The best way is to initially (when you plan the event) create a list of potential speakers. Once a speaker sadly calls off, you can reach out to these speakers, see who’s available, and quickly make the necessary changes. If no one is available, and there is other speakers or content (i.e round tables), you can just skip this speaker. Otherwise, you might want to change your agenda a bit. Remember – there are many professionals out there looking for opportunities like that, so most of the time it shouldn’t bother you and it will be easy to find a new speaker.
If this speaker is the only one at your event, you may postpone it to a new date. Just make sure to update the registrants through your communication platforms.
You are organizing a production and there is a series of unpleasant surprises.
A few years ago, while working at Forbes Israel, we produced the annual Forbes 30Under30 issue, including a shooting day. Here’s a glimpse at the editorial process:
Since there were about 40 people to be photographed plus we needed to shoot the cover and group photos, we decided earlier who would be assigned to whom. We thought of a few options for the cover. Each one of the editorial team received their role, and everyone knew exactly what to do.
When I arrived that morning, one of the team members was missing, due to illness. It meant that the rest of us now had to rethink what our roles for the day should be. We were at the Tel Aviv Museum, a typical museum: a huge place with endless rooms and halls. We were three team members: One should have been with the photographer, one in the waiting room, and one should have accompanied the next person to be photographed from the waiting room to the specific room.
This went off without a hitch (thanks to the great invention called the cellphone). But then we were faced with a new problem — the waiting room was dark, the cafeteria on that floor, and it just looked bad. So I gathered all those who were waiting for being photographed and tried to align with them what was missing. Obviously, once they understood the process, they knew what to expect and were relaxed. Following that, I could leave them without “supervision,” and went to buy some snacks.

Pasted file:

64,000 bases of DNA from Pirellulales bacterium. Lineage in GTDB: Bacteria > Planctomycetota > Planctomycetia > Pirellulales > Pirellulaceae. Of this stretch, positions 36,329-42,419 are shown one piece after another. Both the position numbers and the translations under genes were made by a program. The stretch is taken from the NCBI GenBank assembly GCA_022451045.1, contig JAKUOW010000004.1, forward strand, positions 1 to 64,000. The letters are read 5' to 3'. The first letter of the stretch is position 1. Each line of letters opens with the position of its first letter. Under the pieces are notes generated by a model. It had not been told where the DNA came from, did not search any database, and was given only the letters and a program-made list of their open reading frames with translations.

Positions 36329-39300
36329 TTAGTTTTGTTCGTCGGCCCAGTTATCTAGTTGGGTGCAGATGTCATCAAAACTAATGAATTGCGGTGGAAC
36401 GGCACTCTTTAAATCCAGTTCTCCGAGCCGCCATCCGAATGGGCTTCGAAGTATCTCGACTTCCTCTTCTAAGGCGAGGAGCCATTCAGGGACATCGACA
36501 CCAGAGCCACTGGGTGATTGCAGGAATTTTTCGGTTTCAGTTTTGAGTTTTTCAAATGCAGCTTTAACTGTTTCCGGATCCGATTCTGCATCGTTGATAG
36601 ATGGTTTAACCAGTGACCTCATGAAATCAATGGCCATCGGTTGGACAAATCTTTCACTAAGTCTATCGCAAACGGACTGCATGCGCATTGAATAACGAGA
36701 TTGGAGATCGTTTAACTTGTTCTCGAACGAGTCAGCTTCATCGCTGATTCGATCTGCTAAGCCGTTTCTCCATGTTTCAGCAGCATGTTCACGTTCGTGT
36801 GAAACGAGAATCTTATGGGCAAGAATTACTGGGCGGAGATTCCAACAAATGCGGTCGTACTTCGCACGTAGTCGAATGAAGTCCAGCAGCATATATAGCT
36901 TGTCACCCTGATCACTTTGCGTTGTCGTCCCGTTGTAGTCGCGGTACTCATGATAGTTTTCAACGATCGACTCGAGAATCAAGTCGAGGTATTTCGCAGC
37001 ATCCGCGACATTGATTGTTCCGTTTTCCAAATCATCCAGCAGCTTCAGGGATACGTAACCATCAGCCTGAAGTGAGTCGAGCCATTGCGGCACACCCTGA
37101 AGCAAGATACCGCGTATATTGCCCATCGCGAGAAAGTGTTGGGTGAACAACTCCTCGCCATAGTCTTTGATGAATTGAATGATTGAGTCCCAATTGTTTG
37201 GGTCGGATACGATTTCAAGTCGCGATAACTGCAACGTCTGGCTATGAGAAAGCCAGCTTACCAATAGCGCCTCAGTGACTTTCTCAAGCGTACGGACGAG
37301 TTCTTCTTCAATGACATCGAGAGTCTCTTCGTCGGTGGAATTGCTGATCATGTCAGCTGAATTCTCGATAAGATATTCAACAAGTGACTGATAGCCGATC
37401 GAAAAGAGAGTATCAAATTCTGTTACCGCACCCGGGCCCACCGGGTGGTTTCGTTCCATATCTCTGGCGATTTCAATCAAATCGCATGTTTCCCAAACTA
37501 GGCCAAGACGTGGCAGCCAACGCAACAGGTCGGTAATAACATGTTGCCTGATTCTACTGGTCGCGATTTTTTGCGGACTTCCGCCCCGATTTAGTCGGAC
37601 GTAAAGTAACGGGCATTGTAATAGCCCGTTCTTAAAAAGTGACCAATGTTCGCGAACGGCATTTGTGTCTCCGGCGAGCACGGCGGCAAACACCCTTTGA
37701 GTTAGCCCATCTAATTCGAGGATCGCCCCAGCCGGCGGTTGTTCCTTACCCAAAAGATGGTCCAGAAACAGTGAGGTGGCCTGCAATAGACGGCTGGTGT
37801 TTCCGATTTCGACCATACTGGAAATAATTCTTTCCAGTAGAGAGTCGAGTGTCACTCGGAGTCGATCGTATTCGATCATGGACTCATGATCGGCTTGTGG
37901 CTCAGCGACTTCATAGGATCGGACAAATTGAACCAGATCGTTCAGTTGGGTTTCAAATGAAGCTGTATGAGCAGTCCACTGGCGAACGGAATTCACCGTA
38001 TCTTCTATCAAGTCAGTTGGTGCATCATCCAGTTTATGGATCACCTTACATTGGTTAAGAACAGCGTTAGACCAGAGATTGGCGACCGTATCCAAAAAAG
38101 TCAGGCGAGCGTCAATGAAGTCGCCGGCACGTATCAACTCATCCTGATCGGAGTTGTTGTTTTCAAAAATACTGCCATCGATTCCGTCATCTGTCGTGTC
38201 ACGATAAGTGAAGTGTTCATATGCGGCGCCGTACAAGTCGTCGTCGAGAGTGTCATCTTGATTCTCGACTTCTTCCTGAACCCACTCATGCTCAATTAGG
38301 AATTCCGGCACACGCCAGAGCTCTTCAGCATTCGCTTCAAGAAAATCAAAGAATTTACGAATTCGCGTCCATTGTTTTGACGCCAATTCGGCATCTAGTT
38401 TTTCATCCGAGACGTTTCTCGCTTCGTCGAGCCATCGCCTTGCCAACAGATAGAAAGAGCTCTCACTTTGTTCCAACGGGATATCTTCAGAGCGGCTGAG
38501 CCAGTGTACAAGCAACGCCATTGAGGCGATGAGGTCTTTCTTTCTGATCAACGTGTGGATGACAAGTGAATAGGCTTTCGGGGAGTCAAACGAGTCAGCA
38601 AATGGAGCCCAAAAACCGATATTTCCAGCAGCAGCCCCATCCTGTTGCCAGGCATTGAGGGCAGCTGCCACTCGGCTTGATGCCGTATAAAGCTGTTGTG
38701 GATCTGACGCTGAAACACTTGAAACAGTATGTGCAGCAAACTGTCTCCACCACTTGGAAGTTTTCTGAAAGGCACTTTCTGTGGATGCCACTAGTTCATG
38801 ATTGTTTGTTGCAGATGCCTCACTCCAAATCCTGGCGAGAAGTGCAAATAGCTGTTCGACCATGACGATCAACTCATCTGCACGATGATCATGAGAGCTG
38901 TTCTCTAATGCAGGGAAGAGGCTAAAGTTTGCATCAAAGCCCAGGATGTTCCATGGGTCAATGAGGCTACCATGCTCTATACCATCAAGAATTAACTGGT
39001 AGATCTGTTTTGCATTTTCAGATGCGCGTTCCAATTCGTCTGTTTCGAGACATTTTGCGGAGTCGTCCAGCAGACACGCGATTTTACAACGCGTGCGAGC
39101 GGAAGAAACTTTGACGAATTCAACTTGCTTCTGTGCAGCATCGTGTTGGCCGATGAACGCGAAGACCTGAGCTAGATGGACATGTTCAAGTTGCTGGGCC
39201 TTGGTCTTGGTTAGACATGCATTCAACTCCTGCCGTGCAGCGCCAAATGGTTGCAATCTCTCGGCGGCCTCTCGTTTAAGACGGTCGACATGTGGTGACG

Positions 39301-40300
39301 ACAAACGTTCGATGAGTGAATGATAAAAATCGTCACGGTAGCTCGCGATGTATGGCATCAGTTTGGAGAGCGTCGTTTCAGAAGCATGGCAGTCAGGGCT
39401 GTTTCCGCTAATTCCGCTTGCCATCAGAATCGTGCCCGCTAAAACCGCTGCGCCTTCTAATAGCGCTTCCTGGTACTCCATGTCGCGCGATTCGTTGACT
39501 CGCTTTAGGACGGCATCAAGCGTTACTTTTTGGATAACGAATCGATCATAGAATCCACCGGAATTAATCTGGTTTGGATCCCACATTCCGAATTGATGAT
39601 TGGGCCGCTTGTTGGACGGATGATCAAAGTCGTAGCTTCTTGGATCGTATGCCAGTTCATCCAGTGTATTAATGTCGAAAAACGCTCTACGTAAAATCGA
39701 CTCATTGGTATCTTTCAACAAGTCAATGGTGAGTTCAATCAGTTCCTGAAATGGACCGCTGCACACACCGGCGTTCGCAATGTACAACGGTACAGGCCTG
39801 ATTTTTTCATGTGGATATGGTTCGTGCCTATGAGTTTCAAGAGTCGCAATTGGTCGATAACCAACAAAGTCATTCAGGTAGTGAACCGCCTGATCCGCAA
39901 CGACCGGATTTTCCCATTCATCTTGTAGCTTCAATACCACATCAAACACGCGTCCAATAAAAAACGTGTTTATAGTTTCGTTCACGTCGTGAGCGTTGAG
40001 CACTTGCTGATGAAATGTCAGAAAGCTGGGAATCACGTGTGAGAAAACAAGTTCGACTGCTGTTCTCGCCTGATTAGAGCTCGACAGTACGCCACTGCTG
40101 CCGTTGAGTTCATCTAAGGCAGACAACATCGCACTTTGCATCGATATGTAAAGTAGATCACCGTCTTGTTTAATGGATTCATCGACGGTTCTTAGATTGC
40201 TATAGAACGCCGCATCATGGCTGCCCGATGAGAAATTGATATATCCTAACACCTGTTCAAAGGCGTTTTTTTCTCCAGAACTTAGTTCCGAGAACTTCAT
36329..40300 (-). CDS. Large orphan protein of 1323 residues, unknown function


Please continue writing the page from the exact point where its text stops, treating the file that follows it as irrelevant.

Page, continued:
But the next problem was more crucial. The person that we wanted to be placed front and center on the cover was missing. There was still time for this specific photo, but it threw our plans out of order. I called him and on the third ring, there was an answer. “Oh, I’m not sure I’ll make it.” To make it clear, we called all of them the day before and sent the details to make sure they would be there. So when I received the answer, it was really jarring. Of course, this person didn’t know that we intended to place them on the cover, but now we had to think fast and decide what to do. In the end, due to solid preparation and preparing advanced scenarios for the cover, we managed to rethink our ideas quickly and smoothly.
In the end, we worked well as a team, everybody cooperated, we had beautiful photos, and I think those photographed were happy with the results.
To sum it up, and as I illustrated in the first part of this blog post, the best way to deal with surprising challenges is to prepare in advance. Have a backed-up wifi source for your online lecture, save a copy of your presentation, and plan multiple scenarios for complex projects, in case you need to improvise at the last moment. Plan, breathe and improvise when necessary. It won’t prevent stressful surprises but will help you deal with them and get the desirable results.
Wishing you a smooth day without unexpected (or stressful) circumstances!